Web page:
Election Quality, Public Trust are Central Issues for Africa's Upcoming Contests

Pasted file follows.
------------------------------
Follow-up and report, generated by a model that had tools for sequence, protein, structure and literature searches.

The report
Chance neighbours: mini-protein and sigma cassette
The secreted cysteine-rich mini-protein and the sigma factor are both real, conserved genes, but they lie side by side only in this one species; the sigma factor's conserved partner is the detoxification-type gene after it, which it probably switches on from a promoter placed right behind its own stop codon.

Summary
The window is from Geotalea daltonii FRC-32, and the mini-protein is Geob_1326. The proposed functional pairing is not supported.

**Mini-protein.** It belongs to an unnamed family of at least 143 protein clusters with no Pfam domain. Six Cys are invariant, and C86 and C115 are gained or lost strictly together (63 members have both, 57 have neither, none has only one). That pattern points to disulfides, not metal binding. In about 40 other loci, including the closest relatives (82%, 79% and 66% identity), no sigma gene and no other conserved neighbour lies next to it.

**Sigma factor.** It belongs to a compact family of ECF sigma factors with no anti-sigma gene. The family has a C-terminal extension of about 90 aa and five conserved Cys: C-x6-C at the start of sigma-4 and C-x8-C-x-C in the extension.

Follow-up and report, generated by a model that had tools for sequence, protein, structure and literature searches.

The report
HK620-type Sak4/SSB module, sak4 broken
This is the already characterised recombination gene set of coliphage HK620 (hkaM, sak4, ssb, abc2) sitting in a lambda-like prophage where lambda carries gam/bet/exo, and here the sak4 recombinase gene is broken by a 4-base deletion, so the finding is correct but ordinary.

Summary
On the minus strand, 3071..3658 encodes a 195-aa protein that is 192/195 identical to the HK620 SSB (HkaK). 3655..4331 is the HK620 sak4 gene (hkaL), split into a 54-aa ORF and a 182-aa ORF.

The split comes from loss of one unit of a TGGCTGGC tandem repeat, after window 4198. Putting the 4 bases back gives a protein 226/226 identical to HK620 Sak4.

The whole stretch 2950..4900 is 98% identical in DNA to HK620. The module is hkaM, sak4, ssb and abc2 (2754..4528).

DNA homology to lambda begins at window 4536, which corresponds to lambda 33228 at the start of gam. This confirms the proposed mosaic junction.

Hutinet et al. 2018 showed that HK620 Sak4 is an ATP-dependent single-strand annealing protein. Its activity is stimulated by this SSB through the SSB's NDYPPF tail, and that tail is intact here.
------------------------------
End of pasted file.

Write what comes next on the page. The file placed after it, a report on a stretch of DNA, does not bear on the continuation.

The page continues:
"With at least 25 African countries conducting national elections in 2016-2017, great attention is focused on electoral management bodies – typically national electoral commissions – as crucial players in electoral processes and in shaping public perceptions of how well democracy is working. Poor electoral management can enable election fraud and, even if it doesn’t swing an election, produce political alienation, public mistrust, protest, and violence. In 2016, we have already seen examples of unrest in Kenya, where opposition calls for electoral commission reforms using the hashtag #IEBCMustFall have sparked demonstrations and a violent reaction from security forces; in the Republic of the Congo, where election malpractices led to violent protests; and in Gabon, where bloody clashes erupted after President Ali Bongo claimed a widely disputed re-election victory. In Ghana, pre-election anxieties are high amid questions about the electoral commission’s revision of the voter roll for December’s election. Overall, public trust in national electoral commissions is moderate at best. Although a majority of citizens say their most recent elections were mostly free and fair, citizens express serious concerns about the fairness of vote counts, corruption during elections, and the safety of voters during campaigns and at the polls. Citizens’ views of electoral commission performance and election quality generally mirror the opinions of country experts found in international assessments."